My Lords, I draw your Lordships’ attention to my declaration of interest, in that I am a vice-chair of the Local Government Association.
The noble Baroness, Lady Morgan, and others who have put their name to this amendment have comprehensively covered it and I commend them all on their ongoing commitment in this area. It is a privilege to add my name to this amendment. I also thank Refuge for providing an overwhelming picture of the scale and impact of this threat. The data and figures are compelling.
The impact on its victims is devastating. I ask that, if anyone is unsure of this amendment, they look at The Naked Threat, which recounts examples from survivors. Due to threats, one in five women experienced panic attacks. More than one in 10 felt suicidal. A third of threatened women said that the threat made them feel ashamed, anxious and used, and a quarter felt isolated. Almost one in five said that the threats directly impacted their relationships with friends and family.
Threats to share intimate images also had a direct impact on women’s physical safety. Almost one in five threatened women feared for their physical safety. And it cannot be right that almost one in 10 was forced, they said, to continue or resume the relationship with the perpetrator. It is appalling that one in seven young women is affected by the threat to share intimate images.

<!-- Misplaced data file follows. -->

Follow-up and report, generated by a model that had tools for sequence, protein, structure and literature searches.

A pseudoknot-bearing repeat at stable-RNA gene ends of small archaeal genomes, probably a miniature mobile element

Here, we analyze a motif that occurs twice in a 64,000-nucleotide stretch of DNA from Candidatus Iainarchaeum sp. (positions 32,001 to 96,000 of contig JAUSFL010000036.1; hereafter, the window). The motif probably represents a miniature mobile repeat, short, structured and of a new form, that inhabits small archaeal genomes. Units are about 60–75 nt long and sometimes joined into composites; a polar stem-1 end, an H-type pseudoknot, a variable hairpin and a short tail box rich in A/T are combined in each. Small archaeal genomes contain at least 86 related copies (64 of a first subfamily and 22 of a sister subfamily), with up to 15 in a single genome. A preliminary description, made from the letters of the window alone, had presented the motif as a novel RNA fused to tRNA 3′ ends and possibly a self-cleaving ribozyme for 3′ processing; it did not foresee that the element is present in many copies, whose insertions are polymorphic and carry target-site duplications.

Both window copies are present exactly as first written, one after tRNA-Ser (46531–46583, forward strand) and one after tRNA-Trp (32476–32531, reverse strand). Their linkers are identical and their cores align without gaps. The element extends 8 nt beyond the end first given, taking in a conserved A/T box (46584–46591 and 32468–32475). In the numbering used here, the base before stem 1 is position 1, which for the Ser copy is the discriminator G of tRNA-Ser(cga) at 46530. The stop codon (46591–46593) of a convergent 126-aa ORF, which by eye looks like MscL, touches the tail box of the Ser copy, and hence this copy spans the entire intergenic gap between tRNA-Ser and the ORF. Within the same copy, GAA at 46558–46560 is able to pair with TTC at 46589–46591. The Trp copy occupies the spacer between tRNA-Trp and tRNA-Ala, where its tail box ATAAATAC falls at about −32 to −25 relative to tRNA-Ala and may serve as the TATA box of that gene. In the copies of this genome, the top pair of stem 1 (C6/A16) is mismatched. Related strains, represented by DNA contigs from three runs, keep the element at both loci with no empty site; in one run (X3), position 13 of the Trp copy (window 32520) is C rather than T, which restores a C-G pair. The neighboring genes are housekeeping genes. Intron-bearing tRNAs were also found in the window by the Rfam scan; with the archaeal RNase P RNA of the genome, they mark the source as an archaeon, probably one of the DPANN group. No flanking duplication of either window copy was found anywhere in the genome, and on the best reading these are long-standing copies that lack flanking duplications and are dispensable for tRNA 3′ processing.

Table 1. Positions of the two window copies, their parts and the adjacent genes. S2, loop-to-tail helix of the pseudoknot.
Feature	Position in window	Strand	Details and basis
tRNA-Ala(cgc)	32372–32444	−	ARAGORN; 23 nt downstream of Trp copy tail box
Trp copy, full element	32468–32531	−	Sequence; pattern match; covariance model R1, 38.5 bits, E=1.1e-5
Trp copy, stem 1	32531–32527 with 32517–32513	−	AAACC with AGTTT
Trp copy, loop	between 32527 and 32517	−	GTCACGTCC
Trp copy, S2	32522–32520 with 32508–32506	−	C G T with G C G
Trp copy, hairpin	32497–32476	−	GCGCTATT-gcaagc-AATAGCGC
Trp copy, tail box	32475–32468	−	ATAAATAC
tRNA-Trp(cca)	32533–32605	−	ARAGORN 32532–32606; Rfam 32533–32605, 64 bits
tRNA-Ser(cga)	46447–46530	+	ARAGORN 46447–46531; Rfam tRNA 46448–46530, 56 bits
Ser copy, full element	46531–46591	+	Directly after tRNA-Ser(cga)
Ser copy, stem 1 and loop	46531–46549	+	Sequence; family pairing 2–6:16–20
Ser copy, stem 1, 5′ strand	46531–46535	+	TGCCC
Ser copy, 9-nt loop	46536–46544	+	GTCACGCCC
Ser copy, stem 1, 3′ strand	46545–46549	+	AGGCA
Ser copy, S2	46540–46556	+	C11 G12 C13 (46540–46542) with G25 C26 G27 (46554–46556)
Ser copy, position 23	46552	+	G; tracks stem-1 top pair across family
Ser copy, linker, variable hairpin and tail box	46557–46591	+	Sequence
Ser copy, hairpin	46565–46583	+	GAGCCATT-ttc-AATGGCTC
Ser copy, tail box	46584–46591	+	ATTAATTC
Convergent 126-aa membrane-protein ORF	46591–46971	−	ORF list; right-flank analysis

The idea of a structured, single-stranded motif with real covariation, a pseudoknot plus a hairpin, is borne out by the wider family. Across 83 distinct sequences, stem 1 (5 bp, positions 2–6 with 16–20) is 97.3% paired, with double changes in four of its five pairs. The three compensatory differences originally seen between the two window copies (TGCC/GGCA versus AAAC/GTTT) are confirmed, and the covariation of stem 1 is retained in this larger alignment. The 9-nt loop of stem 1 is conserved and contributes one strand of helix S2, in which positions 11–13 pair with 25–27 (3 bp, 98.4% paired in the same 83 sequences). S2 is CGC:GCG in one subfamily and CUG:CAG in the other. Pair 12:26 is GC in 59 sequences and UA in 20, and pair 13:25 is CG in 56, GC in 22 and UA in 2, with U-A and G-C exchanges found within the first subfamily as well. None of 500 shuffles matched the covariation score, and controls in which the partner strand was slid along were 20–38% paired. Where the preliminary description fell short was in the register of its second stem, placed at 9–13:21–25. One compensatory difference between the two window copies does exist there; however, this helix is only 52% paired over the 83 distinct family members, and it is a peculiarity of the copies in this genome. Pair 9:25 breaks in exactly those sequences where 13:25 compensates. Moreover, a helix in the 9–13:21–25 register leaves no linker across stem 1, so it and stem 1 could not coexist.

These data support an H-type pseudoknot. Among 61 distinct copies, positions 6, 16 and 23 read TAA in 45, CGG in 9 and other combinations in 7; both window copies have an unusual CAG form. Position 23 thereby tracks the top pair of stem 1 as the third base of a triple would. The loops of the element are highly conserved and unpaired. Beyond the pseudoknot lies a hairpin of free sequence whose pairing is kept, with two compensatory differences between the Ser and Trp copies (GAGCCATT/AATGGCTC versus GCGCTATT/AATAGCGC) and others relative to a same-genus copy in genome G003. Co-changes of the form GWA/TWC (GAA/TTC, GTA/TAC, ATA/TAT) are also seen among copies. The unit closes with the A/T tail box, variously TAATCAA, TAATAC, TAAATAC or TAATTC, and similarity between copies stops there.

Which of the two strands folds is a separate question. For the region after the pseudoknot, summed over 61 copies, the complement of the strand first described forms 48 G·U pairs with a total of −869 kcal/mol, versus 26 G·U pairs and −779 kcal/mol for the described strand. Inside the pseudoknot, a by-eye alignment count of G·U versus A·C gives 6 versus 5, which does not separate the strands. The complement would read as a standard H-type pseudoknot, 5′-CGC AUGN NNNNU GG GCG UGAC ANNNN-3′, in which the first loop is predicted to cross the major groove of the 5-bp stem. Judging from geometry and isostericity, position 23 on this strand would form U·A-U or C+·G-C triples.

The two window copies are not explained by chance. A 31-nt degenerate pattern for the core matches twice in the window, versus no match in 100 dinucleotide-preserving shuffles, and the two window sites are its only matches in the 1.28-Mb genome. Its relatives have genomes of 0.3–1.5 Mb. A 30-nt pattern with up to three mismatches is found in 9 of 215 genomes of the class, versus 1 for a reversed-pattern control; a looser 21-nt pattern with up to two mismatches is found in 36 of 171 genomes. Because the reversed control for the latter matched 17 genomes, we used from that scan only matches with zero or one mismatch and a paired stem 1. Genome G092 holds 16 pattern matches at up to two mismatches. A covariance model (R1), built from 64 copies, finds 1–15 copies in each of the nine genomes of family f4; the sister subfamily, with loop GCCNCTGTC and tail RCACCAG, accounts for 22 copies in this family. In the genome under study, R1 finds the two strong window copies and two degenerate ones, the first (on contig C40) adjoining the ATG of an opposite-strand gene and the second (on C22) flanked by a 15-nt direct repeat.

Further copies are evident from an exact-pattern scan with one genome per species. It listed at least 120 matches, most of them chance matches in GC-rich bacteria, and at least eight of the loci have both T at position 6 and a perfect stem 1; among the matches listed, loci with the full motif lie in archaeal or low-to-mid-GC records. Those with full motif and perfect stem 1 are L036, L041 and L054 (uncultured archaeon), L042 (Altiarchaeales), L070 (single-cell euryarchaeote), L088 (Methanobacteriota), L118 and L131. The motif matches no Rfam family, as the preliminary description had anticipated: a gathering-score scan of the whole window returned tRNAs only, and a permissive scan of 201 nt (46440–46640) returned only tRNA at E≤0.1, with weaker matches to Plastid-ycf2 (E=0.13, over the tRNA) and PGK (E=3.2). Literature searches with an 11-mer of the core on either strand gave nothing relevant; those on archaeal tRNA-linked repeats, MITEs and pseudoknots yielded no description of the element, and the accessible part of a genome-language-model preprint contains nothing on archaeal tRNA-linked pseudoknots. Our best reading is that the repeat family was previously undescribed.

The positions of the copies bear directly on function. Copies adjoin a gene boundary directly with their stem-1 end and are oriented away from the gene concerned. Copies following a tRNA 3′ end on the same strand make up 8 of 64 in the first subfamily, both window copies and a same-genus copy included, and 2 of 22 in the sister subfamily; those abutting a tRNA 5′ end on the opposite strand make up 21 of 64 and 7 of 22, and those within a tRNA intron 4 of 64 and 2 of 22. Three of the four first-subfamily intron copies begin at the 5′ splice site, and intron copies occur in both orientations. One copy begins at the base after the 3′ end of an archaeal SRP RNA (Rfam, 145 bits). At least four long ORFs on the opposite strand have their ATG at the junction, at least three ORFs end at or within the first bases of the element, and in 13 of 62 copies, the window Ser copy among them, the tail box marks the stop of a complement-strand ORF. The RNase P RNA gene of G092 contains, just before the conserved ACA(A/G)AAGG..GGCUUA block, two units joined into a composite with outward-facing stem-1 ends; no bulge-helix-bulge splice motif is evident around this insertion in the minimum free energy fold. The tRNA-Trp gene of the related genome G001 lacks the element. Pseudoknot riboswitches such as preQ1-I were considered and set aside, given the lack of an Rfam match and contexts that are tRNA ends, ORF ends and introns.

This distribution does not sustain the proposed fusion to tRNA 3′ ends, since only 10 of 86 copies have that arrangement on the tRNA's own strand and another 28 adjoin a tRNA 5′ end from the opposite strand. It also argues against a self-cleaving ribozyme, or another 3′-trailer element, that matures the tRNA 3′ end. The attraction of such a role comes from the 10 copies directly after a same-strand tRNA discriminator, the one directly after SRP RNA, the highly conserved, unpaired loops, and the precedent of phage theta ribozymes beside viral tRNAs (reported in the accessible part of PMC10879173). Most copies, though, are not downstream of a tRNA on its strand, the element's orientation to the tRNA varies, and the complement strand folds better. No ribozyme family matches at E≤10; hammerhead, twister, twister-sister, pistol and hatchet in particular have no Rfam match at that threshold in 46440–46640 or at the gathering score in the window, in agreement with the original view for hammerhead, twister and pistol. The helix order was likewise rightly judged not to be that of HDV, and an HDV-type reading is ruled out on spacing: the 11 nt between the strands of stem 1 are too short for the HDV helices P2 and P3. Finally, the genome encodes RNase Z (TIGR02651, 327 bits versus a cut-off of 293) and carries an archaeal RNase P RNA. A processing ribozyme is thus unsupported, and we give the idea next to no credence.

The case studies that the noble Baroness, Lady Crawley, raised—of Natasha, Alison and Rachel—should make us all think about this amendment. Threats to share images cause women to alter their behaviour, a point that the noble Baroness, Lady Morgan, has already covered. The real worry, however, is that because this is not illegal, 63% of women affected did not report the threats to the police.
The Domestic Abuse Bill is the right vehicle to enhance protection against threats to share, because the majority—72%—of threatened women were threatened by a current or former partner. Moreover, more than one in four women was sexually abused alongside the threats to share. More than one in six was physically abused alongside the threats.
The main issue that I want to cover, however, is that while I welcome the Law Commission review of image-based crimes, it could take many years to come to fruition. Other noble Lords with their names on this amendment have mentioned the review. Even after that process is complete, the Government will need to review the recommendations, respond to each in turn and decide whether to accept them. That will take time —and then we will need to find time in the parliamentary schedule. This Bill, which has so much support in your Lordships’ Chamber, has been almost four years in the making. While the Government insist that we wait, how many more women are expected to suffer?